John A. Sutter, Jr. - Old City Cemetery - Sacramento, CA
Posted by: Groundspeak Premium Member thebeav69
N 38° 33.819 W 121° 30.047
10S E 630616 N 4269421
Quick Description: The grave of John A. Sutter, Jr. resides in Old City Cemetery and is noted as being the founder and planner of the city of Sacramento.
Location: California, United States
Date Posted: 2/20/2015 10:21:31 AM
Waymark Code: WMNDDJ
Published By: Groundspeak Premium Member Manville Possum Hunters
Views: 2

Long Description:
Wrap Text around ImageLocated near the north entrance to Old City Cemetery is a large headstone containing the grave of John Augustus Sutter, Jr., known as the founder and planner of the city of Sacramento as well as being an American consul for the Port of Acapulco, Mexico, a title he held for 24 years. He was the son of John Augustus Sutter, Sr., who was also well known for being a founder of the Sacramento area and has a piece of land containing Sutter Fort for which Sutter, Sr. tried to establish a utopian society. Wikipedia contains a good bio of Sutter, Jr.'s life and reads:

John Augustus Sutter, Jr. was the founder and planner of the City of Sacramento, California, a U.S. Consul in Acapulco, Mexico and the son of Swiss-born American pioneer John Augustus Sutter, Sr.

Sutter was born in Burgdorf, Switzerland. His father, John Augustus Sutter, Sr., abandoned his family in Switzerland, for California to avoid debtors' prison. While in California, Sutter, Sr. managed to get into debt again. He decided to transfer some of his land holdings, from a Mexican land grant that Sutter, Sr. called New Helvetia, to his son, all while Sutter, Jr. was a minor and still in Europe. Sutter, Jr. was raised by his mother, Anna Sutter, and put through counting school before traveling to California to join his father.

When Sutter, Jr. arrived at New Helvetia, he found it to be unorganized and in need of leadership. Sutter's Fort was overrun by loiterers and drunkards. Sutter, Sr., soon after his son's arrival, left for Coloma, California, where gold was discovered, to start a business selling supplies to gold prospectors. Despite the fact that his father was planning on starting a town, named Sutterville, Sutter, Jr. planned and began to implement his vision for a city near the fork of the American & Sacramento Rivers. This was the beginning of the City of Sacramento which at that time was called Sacramento City.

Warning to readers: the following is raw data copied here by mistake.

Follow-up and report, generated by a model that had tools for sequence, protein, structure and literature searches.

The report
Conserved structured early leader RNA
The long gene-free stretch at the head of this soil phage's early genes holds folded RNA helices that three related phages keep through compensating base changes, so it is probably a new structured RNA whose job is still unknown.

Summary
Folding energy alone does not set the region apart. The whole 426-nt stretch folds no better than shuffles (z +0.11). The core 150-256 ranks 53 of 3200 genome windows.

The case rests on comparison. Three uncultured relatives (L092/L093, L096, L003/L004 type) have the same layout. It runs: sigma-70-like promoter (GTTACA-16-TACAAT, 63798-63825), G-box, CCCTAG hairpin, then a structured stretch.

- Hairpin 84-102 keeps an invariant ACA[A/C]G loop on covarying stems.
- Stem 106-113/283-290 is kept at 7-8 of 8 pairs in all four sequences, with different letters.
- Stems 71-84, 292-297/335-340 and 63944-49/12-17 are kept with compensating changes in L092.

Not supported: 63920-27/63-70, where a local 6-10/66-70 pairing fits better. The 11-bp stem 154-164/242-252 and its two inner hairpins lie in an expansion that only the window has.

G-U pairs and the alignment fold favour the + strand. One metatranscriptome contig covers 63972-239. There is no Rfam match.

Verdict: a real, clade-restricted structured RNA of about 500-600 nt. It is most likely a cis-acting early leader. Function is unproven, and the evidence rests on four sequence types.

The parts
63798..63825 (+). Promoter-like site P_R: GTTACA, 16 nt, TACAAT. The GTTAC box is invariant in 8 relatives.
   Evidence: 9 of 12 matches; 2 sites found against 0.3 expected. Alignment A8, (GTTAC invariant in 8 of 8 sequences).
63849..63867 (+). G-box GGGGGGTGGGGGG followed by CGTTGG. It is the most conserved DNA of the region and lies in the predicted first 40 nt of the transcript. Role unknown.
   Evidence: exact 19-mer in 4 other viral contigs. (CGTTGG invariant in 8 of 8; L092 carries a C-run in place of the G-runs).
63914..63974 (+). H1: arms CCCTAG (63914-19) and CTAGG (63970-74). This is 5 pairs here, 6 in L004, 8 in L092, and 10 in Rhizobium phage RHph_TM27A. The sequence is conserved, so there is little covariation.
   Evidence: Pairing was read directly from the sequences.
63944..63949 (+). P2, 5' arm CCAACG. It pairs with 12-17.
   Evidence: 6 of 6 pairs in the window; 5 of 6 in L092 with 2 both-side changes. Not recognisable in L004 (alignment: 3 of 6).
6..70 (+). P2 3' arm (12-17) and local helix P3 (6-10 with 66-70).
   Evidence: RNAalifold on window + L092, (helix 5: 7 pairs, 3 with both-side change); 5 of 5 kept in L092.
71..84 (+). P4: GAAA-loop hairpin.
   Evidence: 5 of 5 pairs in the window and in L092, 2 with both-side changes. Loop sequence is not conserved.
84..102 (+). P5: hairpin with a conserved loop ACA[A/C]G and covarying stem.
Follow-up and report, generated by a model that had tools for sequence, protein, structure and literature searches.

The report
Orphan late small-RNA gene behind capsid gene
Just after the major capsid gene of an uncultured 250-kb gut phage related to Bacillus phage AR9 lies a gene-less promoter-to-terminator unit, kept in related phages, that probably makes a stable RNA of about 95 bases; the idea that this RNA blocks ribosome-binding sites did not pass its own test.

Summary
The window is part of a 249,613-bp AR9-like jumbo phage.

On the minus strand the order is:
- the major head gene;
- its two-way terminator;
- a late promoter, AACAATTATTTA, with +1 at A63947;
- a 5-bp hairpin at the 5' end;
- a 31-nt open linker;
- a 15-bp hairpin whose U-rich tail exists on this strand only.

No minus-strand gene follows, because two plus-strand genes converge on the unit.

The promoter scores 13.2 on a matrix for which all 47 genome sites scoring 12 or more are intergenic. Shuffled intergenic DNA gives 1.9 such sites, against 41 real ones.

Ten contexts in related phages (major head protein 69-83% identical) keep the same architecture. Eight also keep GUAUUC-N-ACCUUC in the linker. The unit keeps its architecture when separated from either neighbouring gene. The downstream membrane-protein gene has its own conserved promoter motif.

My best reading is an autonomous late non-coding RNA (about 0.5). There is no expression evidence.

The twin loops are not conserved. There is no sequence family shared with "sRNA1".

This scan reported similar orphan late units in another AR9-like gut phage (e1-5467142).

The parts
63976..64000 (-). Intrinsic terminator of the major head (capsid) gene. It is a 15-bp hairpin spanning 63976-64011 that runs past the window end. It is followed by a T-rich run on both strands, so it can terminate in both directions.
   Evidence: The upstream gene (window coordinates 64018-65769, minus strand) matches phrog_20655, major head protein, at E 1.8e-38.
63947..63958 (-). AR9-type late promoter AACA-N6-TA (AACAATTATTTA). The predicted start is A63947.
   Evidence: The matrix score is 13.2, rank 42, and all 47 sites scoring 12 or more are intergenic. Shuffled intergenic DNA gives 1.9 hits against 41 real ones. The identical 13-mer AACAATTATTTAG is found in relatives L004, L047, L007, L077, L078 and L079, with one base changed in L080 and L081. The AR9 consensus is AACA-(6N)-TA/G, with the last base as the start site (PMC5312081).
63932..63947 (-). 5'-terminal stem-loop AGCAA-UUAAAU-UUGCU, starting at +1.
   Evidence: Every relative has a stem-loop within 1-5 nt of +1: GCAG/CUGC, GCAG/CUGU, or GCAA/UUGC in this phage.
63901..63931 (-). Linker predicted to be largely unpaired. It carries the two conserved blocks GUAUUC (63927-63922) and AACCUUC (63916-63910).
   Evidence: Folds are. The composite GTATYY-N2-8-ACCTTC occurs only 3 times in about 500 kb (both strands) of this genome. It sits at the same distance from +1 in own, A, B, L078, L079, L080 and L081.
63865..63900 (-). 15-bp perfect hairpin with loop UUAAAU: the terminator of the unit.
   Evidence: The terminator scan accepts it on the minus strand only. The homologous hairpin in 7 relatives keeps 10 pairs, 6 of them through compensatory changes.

The conflict put a strain on the relationship between father and son. Sutter, Jr. became ill and rarely left the family's residence, Hock Farm, on the Feather River. As Sutter, Jr.'s illness continued, he grew tired of his responsibilities. He contemplated selling his land, but thought that it would be difficult to sell such a large property. Some businessmen from Sacramento City heard that Sutter, Jr. was interested in selling his land. They worked together to buy the land from Sutter, Jr., but not by the most honest means. The businessmen, including Sam Brannan, would not bring the contract to purchase the land to Sutter, Jr. at Hock Farm, so he took a powerful medicine and met them in Sacramento City to sign the terms of the deal. After reading the contract Sutter, Jr. did not like the terms, but the businessmen urged him to sign the contract, get out of California and go somewhere with a climate more suitable to his condition. He reluctantly signed the deal.